09- February - 08 April 2017
Massimo De Carlo, London
Massimo De Carlo London is proud to present a suite of grey paintings spanning the four decades of German artist Günther Förg’s acclaimed career. First executed in 1973 and continuing through to his death in 2013, these elegant, dense works showcase not only the artist’s evolving relationship with the monochrome, but also embody the multiple material and conceptual concerns found elsewhere across his broad practice.
A mainstay of his early career, Förg began his first monochrome paintings whilst still studying at the Academy Fine Arts, Munich in the 1970s. These have proven to be some of the darkest of his canvases, the infinite tones of grey wash layered translucently with a sponge, leaving highlights that barely stifle the stark black of the primer beneath, as if streaks on a school chalkboard. From 1973 to 1976 Förg was executing one painting a week, every week and, gradually, what had initially been an exercise in reduction and refusal became a process of accretion, opening up the surface of his paintings and establishing the textural diversity that would come to characterise his work.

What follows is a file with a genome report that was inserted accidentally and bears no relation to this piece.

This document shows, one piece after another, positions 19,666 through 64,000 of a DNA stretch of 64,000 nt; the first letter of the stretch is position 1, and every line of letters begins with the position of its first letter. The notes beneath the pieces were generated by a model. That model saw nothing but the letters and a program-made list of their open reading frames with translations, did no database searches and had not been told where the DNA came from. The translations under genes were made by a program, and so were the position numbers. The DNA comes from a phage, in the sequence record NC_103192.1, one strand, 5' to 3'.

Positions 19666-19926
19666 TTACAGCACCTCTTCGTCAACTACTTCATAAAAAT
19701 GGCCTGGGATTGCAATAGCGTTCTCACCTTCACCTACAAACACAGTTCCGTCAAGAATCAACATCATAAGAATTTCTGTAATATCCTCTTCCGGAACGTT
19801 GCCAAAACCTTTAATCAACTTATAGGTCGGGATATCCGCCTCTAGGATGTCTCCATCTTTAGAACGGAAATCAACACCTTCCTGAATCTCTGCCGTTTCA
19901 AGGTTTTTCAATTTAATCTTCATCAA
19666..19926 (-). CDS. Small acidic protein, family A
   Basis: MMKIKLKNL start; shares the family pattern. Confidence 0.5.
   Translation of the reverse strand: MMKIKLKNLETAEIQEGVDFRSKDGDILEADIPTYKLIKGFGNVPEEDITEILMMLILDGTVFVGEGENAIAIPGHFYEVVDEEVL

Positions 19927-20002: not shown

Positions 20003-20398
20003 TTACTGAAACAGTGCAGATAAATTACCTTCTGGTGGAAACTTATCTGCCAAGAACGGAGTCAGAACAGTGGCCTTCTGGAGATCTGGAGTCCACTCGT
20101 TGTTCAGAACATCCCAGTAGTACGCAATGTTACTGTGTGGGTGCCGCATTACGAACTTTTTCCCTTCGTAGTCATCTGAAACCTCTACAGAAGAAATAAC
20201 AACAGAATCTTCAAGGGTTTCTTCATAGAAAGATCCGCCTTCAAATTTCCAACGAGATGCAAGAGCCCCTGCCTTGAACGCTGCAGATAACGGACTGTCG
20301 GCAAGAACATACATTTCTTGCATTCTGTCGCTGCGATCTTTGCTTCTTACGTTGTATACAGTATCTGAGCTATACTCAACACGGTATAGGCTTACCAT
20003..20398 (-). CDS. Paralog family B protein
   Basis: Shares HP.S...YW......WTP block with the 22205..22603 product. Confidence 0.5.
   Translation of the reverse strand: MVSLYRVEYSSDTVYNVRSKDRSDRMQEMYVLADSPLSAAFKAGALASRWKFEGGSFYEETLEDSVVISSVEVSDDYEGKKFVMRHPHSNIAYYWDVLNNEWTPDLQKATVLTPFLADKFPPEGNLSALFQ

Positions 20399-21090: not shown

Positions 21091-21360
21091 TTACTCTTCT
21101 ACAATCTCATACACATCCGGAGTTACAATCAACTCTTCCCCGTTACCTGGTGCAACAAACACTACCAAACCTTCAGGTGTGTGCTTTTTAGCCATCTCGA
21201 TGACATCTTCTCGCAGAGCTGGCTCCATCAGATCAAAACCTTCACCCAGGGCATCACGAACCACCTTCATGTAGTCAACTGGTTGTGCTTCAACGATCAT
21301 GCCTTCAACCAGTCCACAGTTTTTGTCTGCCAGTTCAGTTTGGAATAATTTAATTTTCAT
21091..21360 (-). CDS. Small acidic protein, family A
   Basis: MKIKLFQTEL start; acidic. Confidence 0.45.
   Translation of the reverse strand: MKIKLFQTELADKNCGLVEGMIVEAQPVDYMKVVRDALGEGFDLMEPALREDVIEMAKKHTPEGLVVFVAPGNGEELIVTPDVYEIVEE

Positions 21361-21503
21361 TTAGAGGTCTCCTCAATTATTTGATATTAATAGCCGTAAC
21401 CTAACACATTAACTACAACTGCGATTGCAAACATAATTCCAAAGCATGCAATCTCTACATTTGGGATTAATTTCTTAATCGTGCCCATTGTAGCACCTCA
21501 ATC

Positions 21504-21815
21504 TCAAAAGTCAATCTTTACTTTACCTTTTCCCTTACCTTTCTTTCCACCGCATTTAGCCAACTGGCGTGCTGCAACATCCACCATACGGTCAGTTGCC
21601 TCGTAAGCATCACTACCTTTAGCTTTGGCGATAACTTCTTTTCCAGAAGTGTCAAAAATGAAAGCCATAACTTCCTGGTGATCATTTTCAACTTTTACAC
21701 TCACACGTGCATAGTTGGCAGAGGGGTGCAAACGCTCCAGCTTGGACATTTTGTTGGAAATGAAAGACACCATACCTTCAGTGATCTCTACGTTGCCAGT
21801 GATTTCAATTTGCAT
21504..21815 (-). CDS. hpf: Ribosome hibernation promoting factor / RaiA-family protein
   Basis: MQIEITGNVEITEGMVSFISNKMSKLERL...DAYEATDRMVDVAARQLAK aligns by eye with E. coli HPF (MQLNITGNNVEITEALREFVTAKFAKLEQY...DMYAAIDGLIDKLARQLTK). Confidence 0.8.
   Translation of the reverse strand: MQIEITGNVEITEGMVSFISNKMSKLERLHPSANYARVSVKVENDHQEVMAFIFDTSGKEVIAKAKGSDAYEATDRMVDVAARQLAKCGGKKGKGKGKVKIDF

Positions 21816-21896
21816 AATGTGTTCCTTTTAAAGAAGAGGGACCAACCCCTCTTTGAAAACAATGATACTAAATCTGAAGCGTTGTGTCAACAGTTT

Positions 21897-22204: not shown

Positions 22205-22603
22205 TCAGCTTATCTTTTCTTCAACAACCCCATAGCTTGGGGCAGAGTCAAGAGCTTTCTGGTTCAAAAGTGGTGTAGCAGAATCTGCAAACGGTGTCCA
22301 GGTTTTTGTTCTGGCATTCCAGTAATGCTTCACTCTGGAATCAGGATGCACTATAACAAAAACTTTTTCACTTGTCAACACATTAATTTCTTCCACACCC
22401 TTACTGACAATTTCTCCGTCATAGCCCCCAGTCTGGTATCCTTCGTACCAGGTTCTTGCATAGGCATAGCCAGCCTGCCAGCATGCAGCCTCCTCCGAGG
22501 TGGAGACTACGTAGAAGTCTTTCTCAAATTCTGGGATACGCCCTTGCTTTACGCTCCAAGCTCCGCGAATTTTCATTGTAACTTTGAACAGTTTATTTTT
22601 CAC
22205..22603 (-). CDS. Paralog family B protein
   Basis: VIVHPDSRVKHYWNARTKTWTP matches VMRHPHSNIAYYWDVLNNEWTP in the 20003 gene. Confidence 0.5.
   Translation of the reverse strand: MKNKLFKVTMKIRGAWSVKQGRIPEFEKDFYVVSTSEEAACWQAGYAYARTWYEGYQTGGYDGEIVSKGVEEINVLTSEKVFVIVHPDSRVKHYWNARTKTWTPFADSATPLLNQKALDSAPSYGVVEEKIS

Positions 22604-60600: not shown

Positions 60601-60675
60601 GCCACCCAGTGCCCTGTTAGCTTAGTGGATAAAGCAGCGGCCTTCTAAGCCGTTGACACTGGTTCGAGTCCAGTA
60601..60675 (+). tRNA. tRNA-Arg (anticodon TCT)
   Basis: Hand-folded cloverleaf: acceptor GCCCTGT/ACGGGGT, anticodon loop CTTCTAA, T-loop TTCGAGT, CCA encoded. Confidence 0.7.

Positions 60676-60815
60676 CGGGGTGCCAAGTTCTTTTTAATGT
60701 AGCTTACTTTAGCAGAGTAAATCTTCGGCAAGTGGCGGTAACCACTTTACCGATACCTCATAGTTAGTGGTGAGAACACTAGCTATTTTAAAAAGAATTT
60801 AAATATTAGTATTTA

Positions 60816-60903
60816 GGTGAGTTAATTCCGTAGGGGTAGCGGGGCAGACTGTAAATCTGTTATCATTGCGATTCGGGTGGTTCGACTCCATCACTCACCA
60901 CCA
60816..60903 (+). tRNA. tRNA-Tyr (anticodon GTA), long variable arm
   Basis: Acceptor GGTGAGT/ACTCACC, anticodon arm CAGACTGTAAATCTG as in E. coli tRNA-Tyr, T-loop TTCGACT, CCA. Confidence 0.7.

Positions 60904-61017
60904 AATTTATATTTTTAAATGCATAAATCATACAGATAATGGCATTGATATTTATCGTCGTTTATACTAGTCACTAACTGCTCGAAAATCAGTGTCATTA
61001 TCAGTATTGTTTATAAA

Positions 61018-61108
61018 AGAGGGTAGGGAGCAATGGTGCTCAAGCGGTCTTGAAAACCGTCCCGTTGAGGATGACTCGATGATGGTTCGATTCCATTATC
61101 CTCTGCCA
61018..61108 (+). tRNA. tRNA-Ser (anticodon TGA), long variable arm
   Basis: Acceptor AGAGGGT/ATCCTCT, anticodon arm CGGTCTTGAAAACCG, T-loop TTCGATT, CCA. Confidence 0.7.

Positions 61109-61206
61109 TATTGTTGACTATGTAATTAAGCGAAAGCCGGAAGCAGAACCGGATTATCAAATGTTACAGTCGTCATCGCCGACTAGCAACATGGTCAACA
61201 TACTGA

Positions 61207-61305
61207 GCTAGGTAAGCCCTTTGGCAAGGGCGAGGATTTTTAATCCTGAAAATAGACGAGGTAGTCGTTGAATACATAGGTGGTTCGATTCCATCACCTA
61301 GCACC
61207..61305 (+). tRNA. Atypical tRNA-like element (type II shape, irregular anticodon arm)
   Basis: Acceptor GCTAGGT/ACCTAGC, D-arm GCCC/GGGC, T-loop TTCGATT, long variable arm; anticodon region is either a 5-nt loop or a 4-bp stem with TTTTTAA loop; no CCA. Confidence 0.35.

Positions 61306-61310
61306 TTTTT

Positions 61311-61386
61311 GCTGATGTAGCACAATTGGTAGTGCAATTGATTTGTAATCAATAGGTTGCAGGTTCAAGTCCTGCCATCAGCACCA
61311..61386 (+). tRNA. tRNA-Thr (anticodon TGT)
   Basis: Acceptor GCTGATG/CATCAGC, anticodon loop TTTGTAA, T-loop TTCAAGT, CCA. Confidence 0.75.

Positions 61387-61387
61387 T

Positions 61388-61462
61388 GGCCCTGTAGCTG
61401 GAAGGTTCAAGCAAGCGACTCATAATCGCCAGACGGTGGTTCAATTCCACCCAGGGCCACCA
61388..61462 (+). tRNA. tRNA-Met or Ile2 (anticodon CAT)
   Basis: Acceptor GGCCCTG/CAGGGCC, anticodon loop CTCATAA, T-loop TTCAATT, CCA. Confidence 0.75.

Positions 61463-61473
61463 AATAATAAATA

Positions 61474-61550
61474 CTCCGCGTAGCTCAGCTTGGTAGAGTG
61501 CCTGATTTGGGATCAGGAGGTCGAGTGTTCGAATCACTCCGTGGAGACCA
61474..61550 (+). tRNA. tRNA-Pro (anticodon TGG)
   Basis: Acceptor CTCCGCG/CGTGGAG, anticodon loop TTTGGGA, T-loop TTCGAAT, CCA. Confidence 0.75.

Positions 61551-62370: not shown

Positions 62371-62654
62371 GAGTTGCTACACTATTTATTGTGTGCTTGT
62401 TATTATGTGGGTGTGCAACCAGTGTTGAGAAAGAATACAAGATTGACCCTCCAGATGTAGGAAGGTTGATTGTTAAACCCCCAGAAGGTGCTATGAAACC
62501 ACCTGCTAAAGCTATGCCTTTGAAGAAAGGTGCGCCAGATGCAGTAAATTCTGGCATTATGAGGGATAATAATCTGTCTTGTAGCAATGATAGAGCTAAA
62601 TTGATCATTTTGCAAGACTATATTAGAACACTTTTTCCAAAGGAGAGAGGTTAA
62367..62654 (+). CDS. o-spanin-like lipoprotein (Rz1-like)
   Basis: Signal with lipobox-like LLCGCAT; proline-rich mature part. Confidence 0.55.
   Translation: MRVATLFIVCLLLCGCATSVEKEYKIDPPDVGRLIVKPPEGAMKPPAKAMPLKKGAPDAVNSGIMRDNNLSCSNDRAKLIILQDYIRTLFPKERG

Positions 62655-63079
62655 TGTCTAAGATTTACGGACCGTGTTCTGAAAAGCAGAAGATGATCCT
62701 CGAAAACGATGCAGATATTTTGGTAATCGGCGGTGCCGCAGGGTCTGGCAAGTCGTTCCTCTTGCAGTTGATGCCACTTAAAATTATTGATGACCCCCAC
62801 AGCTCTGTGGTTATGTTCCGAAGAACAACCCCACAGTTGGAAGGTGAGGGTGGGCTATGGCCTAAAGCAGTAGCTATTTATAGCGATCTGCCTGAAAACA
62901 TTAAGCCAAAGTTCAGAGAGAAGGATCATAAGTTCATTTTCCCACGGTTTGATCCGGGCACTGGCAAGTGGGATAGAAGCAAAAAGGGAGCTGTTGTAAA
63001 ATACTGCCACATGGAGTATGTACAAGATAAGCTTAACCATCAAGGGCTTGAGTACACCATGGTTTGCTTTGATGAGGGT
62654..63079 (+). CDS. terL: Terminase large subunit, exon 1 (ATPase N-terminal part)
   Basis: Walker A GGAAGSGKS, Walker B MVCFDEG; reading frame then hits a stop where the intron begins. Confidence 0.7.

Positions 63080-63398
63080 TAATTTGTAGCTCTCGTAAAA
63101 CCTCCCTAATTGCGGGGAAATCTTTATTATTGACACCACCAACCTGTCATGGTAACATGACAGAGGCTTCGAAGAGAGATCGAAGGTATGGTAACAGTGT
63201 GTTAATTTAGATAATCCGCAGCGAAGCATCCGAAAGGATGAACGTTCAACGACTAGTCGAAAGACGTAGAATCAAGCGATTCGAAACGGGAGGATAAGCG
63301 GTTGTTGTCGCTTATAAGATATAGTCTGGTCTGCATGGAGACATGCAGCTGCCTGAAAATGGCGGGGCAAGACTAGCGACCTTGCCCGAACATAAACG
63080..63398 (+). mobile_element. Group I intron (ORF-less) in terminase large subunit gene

Günther Förg, Untitled, 1996 (Detail)
By the mid-1990s, the grey paintings had become more gesturally dense, their nimble execution, tonal complexity and compositional layering implicitly referencing the extent of Förg’s materially eclectic practice. Despite most immediately resembling the deconstructed hatching of the ‘Gitterbilder’ or ‘Grid Paintings’, here too is visible the material physicality of the 1970s ‘Lead Paintings’, the windows and staircases of the mid-1980s architectural photography, the floating horizon lines of the late 1980s ‘Window Watercolours’ and the gauged, undulating surfaces of the 1990s bronzes. With their jagged fields and broken zips, these paintings remain touchstones for Förg’s entire practice, embodying it’s emotional handling of formal disciplines and geometric structures.
Günther Förg (1952-2013) was born in Füssen, Germany in 1952. His work has been shown in important institutions such as Museum Brandhorst, Munich, Germany (2014); Museo Carlo Bilotti, Rome, Italy (2013); Fountain Beyeler, Basel (2009); Langen Foundation in Neuss (2007); Kunstmuseum Basel (2006); Gemeentemuseum The Hague (2006); Tel Aviv Museum of Art (2002); Museo Nacional Centro de Arte Reina Sofía/Palacio de Velazquez, Madrid (1998); Tokyo Museum of Contemporary Art, Tokyo (1991); Newport Harbor Art Museum, Newport Beach (1989) and SFMoMa, San Francisco (1989). Works by Förg are part of major museum collections such as the Stedelijk Museum (Amsterdam); National Gallery of Canada (Ottawa); Museum für Monderne Kunst (Frankfurt); Ludwig Museum (Cologne); Tate Modern (London); Museum of Modern Art (NY); SFMoMa (San Francisco) and Hamburger Bahnhof-Museum für Gegenwart (Berlin).